16. The heat exchanger of claim 15, wherein the indentations of the first array of plates are rectangular cutouts at the bottom corner of each plate, and wherein the indentations of the second array of plates are rectangular cutouts at the upper corner of each plate.

17. The heat exchanger of claim 15, wherein the housing and the first and second arrays of plates are formed from aluminum.

18. The heat exchanger of claim 15, wherein the heat exchanger is configured to cool a circuit board used in an electric turbocharger system.

19. A method for cooling a circuit board on a machine, comprising:

assembling a heat exchanger with the circuit board, the heat exchanger including a housing having a coolant inlet, a coolant outlet, a first side wall, a second side wall, and an upper housing portion assembled with a lower housing portion, a first array of plates on the upper housing portion and a second array of plates on the lower housing portion interleaved with the first array of plates, each of the plates of the first array extending laterally between the first side wall and the second side wall of the housing and having an aperture at a bottom corner of the plate nearest the first side wall, each of the plates of the second array extending laterally between the first side wall and the second side wall of the housing and having an aperture at an upper corner of the plate nearest the second side wall;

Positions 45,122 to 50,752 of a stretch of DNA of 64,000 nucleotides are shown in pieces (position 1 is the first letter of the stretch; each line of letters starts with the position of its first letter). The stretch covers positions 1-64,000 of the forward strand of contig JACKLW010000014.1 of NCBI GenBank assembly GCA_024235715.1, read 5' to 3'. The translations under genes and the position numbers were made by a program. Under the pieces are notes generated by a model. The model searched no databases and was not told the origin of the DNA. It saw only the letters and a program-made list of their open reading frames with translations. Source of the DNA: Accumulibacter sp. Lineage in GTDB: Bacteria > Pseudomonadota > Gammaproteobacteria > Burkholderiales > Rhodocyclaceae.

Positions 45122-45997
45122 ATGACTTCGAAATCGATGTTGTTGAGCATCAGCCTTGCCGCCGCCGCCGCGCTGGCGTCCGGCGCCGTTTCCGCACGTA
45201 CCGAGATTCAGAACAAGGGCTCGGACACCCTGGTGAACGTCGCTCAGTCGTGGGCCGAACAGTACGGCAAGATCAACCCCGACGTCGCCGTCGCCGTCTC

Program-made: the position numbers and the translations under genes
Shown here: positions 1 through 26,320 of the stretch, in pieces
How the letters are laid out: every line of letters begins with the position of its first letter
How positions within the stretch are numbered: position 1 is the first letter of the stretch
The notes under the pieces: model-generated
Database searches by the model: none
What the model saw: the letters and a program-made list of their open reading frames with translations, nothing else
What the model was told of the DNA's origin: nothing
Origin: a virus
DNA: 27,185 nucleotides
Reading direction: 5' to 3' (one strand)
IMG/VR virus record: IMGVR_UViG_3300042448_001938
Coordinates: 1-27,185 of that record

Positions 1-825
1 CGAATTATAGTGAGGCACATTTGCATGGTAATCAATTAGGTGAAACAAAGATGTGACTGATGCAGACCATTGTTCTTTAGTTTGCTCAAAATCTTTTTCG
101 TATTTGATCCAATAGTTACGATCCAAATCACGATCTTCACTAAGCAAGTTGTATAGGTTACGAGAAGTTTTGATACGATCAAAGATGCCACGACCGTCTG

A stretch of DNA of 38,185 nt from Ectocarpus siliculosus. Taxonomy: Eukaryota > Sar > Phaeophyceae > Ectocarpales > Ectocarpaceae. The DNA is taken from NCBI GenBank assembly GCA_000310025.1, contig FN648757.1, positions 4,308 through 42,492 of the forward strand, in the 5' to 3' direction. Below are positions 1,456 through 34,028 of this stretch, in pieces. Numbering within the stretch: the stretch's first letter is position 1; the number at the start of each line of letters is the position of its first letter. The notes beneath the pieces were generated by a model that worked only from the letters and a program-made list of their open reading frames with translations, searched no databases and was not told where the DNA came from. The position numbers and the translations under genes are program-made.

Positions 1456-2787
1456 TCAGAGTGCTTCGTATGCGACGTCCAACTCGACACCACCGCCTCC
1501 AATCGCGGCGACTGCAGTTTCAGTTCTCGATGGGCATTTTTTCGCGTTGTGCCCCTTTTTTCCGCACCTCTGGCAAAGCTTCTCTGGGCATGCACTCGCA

receiving coolant from the machine through the coolant inlet;
flowing the coolant through the interleaved plates of the first and second arrays, the coolant following a lateral and vertical serpentine fluid flow path through the interleaved plates;
extracting heat from high temperature components of the circuit board into the coolant as the coolant flows through the lateral and vertical serpentine fluid flow path; and
discharging the coolant through the coolant outlet.

20. The method of claim 19, wherein the lateral and vertical serpentine fluid flow path creates turbulent flow in the coolant.

Patent History
Publication number: 20210092827
Type: Application
Filed: Sep 24, 2019
Publication Date: Mar 25, 2021
Applicant: BorgWarner Inc. (Auburn Hills, MI)
Inventors: Aliihsan Karamavruc (Fletcher, NC), Christopher Joel Maurus (Hendersonville, NC)
Application Number: 16/580,466
Classifications
International Classification: H05K 1/02 (20060101); H05K 7/20 (20060101); F02B 37/04 (20060101); F02B 39/10 (20060101); F02B 39/00 (20060101);